Advocates Make Memory Day A Memorable Experience
Memory Day 2013
Alzheimer advocates from across Ohio made their voices heard during the 15th annual Ohio Memory Day at the Ohio Statehouse in Columbus on Wednesday, April 10. A record number of advocates (nearly 360) participated in the event, sponsored by the Ohio Council of the Alzheimer's Association.
Gov. John Kasich, Ohio Department of Aging Director Dr. Bonnie Kantor-Burman and House Speaker William Batchelder were among the featured speakers at the luncheon program held in the statehouse atrium. Each expressed their commitment to the fight against Alzheimer’s disease and supporting programs that will help affected individuals and their caregivers.
Memory Day provides Alzheimer’s advocates from across the state the opportunity to meet with their legislators as well as fellow advocates in support of the Alzheimer’s Association advocacy mission. The legislative focus of this year's event is protection of the Alzheimer’s Respite Line Item (ARLI).
Advocacy Forum Draws Record Crowd
The Alzheimer’s Association 25th Annual Advocacy Forum in Washington, D.C. attracted a record 900-plus attendees representing all 50 states, Great Britain and Canada. The three-day event, held April 22-24, included various panel discussions and presentations on public policy issues, a gala dinner and office visits with members of Congress on Capitol Hill.
Forum keynote speaker Dr. Francis Collins, director of the National Institutes of Health (NIH), made the surprise announcement that he has designated an additional $40 million from his fiscal year 2013 director’s budget for Alzheimer’s research. He told the Forum audience that within the research community “an accelerated momentum in Alzheimer’s research is palpable.”
Among the highlights of the Forum was the presentation of the Sargent and Eunice Shriver Profiles in Dignity Award to singer/actor Glen Campbell and his family during the dinner gala on April 23. Mr. Campbell’s daughter, Ashley, testified about her father’s affliction during a hearing of the Senate Aging Committee the next day.
During visits with their respective congressional representatives on Capitol Hill, advocates promoted the implementation of the National Alzheimer’s Project Act and increasing the federal commitment to Alzheimer’s research. In addition, advocates requested support for the Health Outcomes, Planning and Education (HOPE) for Alzheimer’s Act (S.709 /H.R. 1507). The HOPE Act would improve access to diagnosis of Alzheimer’s disease, provide information on medical and non-medical services for newly-diagnosed patients and their families as well as require documentation of the diagnosis in the patient’s medical record.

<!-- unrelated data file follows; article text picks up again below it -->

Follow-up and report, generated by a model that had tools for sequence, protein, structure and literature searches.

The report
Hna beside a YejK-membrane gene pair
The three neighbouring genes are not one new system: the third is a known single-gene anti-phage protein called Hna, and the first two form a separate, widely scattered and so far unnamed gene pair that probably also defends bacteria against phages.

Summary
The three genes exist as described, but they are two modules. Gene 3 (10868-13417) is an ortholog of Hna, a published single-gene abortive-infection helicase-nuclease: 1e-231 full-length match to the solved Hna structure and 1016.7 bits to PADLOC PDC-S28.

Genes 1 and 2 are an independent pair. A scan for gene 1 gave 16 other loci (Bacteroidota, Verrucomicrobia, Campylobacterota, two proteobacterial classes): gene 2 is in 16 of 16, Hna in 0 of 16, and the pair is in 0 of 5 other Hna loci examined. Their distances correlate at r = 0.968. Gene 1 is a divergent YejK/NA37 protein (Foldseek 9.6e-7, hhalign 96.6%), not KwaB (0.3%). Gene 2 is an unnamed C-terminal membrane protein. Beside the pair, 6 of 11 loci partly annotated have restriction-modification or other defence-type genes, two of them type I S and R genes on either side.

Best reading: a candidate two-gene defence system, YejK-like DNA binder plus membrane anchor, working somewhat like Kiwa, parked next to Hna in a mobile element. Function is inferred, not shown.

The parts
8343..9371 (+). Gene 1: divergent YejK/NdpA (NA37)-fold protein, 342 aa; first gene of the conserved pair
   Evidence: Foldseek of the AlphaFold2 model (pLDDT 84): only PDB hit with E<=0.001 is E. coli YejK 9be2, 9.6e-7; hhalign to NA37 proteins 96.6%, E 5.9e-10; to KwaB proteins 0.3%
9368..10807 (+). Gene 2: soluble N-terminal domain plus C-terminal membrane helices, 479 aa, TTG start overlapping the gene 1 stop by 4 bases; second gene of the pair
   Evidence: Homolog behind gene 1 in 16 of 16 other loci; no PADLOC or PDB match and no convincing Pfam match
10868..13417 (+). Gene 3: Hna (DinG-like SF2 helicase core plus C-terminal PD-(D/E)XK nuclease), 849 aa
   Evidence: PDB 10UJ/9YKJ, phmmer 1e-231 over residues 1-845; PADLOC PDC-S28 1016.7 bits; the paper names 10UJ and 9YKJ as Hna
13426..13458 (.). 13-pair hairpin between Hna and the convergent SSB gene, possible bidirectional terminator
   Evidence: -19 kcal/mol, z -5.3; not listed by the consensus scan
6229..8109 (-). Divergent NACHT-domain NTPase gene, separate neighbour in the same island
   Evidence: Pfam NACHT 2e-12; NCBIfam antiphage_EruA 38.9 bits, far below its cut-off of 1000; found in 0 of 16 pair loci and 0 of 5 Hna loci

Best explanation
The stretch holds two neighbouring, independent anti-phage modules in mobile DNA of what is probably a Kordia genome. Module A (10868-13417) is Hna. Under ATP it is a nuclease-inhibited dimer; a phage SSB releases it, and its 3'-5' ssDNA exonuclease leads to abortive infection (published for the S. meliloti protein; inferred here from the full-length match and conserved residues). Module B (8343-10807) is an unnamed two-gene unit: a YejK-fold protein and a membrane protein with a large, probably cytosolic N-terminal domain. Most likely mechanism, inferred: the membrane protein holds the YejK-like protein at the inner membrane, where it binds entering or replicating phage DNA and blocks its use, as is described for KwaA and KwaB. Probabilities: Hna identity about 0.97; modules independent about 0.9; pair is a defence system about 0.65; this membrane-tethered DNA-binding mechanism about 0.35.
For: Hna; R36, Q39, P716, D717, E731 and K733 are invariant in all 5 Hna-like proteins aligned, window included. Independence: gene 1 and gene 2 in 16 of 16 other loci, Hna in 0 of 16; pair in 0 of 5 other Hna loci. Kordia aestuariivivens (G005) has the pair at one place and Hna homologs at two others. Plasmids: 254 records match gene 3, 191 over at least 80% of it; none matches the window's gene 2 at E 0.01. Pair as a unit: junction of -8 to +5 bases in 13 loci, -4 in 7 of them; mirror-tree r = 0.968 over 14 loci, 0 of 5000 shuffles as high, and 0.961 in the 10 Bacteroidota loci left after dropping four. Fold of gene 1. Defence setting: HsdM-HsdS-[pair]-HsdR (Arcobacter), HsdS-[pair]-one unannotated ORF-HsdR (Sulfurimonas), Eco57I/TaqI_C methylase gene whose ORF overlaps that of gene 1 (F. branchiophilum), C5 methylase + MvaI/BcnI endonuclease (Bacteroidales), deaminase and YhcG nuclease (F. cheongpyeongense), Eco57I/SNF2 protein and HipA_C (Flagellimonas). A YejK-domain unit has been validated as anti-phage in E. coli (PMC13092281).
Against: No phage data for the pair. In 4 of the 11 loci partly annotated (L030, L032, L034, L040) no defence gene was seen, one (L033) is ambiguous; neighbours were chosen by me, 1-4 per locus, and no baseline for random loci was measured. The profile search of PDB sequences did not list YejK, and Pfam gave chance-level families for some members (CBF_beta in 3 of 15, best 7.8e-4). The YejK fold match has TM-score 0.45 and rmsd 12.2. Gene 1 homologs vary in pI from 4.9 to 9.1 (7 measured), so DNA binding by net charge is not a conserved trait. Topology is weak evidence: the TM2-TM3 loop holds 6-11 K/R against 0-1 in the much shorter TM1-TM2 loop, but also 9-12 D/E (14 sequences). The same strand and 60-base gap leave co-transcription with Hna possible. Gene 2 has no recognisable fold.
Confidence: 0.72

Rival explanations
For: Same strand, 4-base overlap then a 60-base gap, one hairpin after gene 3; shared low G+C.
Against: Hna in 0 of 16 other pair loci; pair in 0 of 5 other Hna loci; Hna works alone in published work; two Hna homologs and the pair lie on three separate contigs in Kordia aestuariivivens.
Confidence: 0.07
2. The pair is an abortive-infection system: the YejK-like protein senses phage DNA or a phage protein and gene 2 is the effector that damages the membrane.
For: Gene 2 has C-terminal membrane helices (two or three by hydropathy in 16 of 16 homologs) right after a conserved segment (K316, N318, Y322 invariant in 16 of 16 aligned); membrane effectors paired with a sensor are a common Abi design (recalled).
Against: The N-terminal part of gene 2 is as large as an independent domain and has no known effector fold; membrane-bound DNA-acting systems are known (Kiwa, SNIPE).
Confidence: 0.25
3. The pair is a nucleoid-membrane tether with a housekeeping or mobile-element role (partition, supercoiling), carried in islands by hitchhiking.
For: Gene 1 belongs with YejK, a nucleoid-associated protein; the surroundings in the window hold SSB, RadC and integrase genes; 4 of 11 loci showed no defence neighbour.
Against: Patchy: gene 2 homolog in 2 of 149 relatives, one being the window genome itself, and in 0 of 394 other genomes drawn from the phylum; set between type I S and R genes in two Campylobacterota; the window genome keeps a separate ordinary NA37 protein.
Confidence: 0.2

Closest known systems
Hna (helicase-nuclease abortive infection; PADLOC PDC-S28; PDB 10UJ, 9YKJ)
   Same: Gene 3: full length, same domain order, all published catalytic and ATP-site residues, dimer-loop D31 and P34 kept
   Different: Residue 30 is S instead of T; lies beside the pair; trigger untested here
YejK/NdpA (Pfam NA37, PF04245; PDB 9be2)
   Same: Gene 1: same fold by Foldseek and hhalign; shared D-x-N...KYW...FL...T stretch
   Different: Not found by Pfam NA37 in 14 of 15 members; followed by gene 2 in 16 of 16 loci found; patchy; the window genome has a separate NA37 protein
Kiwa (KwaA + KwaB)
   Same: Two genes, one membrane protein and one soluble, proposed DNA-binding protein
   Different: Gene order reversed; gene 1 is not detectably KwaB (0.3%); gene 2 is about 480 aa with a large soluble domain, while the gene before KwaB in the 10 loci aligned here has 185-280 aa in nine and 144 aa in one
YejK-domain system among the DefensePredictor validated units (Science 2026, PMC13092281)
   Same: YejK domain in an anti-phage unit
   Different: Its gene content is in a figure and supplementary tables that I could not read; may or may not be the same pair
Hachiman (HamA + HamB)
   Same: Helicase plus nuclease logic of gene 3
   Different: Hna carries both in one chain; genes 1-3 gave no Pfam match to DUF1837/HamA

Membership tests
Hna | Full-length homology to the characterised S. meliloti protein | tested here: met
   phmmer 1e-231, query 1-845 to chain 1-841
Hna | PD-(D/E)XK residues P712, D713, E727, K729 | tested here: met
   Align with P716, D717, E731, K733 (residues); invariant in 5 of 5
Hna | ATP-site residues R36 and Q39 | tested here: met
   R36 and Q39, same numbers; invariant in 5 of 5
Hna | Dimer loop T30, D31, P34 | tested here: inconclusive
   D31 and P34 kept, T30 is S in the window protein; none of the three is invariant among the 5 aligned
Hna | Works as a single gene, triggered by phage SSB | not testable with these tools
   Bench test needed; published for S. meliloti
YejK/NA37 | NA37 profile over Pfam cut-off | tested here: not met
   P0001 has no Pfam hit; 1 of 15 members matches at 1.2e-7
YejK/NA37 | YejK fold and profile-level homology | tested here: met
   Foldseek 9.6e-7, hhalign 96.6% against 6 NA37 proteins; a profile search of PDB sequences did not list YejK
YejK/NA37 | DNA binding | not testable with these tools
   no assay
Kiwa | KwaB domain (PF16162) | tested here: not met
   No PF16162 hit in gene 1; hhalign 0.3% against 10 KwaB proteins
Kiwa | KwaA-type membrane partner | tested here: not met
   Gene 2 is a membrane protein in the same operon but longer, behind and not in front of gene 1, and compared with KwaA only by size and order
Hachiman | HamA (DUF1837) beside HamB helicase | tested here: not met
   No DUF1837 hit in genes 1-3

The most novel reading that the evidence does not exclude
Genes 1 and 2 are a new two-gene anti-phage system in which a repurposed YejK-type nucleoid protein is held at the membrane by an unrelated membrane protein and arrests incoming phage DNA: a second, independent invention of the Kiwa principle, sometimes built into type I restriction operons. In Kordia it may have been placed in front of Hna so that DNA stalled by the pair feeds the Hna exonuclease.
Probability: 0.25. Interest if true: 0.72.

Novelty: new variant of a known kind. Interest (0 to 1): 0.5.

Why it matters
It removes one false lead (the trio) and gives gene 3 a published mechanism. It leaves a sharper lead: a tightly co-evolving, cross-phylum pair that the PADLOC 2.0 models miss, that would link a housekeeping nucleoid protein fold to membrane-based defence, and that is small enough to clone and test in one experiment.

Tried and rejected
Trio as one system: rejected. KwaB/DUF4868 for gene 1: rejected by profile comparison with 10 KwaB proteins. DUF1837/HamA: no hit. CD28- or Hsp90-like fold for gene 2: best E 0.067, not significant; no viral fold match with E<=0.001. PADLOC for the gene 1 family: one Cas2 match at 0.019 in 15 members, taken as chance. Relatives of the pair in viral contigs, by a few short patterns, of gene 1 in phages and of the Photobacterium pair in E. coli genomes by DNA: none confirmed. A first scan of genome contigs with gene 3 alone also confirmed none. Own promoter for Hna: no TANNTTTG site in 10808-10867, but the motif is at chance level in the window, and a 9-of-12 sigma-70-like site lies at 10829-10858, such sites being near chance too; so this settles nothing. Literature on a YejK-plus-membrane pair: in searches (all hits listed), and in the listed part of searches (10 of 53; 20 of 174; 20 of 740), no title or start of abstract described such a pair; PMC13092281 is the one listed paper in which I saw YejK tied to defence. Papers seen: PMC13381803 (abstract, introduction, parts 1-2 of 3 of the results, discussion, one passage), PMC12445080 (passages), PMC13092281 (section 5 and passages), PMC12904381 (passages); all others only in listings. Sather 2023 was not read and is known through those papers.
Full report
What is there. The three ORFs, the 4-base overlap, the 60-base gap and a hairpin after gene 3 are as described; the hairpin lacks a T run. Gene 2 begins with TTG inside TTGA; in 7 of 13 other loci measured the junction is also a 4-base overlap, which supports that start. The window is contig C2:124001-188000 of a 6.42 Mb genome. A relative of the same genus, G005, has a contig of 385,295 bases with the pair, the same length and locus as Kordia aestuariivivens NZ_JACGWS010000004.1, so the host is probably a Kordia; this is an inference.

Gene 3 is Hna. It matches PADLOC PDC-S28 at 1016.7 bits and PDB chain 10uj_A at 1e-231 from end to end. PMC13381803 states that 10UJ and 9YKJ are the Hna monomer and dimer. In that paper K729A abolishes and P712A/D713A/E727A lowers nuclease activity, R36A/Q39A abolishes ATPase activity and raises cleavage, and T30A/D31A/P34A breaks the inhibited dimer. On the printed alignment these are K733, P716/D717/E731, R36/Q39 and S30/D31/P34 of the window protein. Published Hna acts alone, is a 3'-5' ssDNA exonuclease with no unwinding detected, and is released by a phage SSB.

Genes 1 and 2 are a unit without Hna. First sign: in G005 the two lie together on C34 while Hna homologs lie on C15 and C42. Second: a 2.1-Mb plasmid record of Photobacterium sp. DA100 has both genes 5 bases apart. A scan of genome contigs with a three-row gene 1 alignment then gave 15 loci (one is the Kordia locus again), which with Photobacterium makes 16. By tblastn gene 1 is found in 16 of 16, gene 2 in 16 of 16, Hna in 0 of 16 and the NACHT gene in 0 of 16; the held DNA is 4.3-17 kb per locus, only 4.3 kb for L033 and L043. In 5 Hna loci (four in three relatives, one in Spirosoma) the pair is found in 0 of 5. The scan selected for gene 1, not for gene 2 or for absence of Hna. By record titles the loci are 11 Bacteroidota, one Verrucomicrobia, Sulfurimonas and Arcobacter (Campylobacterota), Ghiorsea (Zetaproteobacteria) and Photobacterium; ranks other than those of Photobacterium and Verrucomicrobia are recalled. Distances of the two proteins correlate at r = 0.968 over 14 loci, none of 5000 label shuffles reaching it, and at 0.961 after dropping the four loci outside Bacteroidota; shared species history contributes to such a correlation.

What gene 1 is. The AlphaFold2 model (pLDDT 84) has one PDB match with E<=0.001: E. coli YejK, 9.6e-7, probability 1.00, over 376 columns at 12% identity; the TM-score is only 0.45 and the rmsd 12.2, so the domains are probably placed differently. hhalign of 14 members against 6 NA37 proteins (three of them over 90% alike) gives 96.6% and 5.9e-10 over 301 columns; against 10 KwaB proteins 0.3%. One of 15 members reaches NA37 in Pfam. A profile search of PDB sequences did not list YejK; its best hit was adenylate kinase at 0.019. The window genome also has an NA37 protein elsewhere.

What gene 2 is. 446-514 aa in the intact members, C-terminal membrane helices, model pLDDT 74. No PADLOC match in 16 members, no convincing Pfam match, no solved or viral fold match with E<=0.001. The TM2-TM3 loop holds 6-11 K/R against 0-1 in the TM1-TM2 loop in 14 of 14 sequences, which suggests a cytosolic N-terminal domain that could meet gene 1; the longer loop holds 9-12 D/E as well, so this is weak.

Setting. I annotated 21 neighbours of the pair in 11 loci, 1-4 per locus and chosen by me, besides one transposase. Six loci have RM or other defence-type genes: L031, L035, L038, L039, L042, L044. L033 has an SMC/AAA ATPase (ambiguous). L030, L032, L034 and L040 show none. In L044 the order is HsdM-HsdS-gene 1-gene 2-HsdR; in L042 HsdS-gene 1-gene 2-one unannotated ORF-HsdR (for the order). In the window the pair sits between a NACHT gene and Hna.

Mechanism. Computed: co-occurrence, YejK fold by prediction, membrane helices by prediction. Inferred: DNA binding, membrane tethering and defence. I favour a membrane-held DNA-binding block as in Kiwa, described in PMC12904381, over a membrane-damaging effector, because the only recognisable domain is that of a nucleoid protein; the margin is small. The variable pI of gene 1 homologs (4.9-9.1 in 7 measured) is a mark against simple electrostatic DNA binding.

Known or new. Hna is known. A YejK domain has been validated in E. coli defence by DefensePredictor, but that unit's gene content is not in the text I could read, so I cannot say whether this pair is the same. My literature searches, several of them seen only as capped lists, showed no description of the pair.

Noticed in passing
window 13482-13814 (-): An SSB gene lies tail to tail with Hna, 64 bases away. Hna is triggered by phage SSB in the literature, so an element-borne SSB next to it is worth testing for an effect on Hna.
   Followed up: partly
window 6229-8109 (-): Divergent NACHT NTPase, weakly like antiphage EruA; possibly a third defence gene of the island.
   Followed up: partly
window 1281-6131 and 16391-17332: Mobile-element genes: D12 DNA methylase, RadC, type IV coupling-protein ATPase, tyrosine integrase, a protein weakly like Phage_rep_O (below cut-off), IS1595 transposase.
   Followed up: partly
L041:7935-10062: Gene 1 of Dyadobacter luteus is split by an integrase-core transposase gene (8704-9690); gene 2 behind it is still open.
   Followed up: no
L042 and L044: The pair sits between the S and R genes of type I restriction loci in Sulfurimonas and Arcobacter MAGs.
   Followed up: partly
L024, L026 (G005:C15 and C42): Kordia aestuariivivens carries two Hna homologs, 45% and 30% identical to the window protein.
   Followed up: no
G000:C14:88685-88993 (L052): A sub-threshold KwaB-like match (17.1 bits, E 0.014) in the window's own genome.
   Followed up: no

For more on the Forum, visit www.alz.org/forum.
2013 Public Policy Priorities
Alzheimer's Respite Programs and Services (Budget Line Item 490-414)
- The Alzheimer's Respite Line Item 490-414 (Department of Aging) provides funding for respite and respite related services for caregivers and those with Alzheimer's disease.
Additional 2013 Priorities
- For an entire list of the Ohio Council priorities for 2013, click here.
National Alzheimer's Plan
- In January, 2011 the National Alzheimer's Plan (Public Law 111-375) was signed into law with a unanimous vote from both the House of Representatives and the Senate. This law evolved into the first National Alzheimer's Plan which was released on May 15, 2012. The plan detailed five overarching goals:
- Prevent and effectively treat Alzheimer's disease by 2025.
- Enhance care quality and efficiency.
- Expand supports for people with Alzheimer's disease and their families.
- Enhance public awareness and engagement.
- Improve data to track progress.
- The National Alzheimer's Plan required the creation of an Advisory Council on Alzheimer's Research, Care and Services which meets periodically with an annual requirement of reporting back to Congress updates and revisions pertaining to each goal on an annual basis. With these goals in mind, it is important that our legislators know the importance of continued funding necessary to develop treatments through research while also caring for those touched by the disease on a daily basis. For more information regarding the National Alzheimer's Plan, click here.
HOPE for Alzheimer's Act
- The Health Outcomes, Planning and Education (HOPE) for Alzheimer's Act (S. 709/ H.R. 1507) provides for early diagnosis and access to care planning services that lead to better outcomes for individuals with Alzheimer's disease and their caregivers. This act, if passed would provide Medicare coverage which would include a clinical diagnosis of Alzheimer's disease and care planning to provide newly-diagnosed individuals and their caregivers with information about medical and non-medical options for treatment and support. For more detailed information regarding the HOPE Act, click here.
Now is the time to be a voice for those suffering with Alzheimer's disease and related dementias. If Alzheimer's disease continues on it's current path, it is estimated that up to 16 million Americans will have this disease by 2050. Being an advocate will keep you informed of current and upcoming legislation that is designed to help increase the awareness of Alzheimer's disease, make Alzheimer's a priority for research funding and help families through support and other resources as they journey through this devastating disease. Once you have registered as an advocate, you will receive periodic e-mails with updated information and action alerts. The action alerts will request you send an e-mail or letter to your legislator to ask for their support. It is important to supply your address information which allows us to connect you directly with your legislator. To become an advocate, register by clicking here.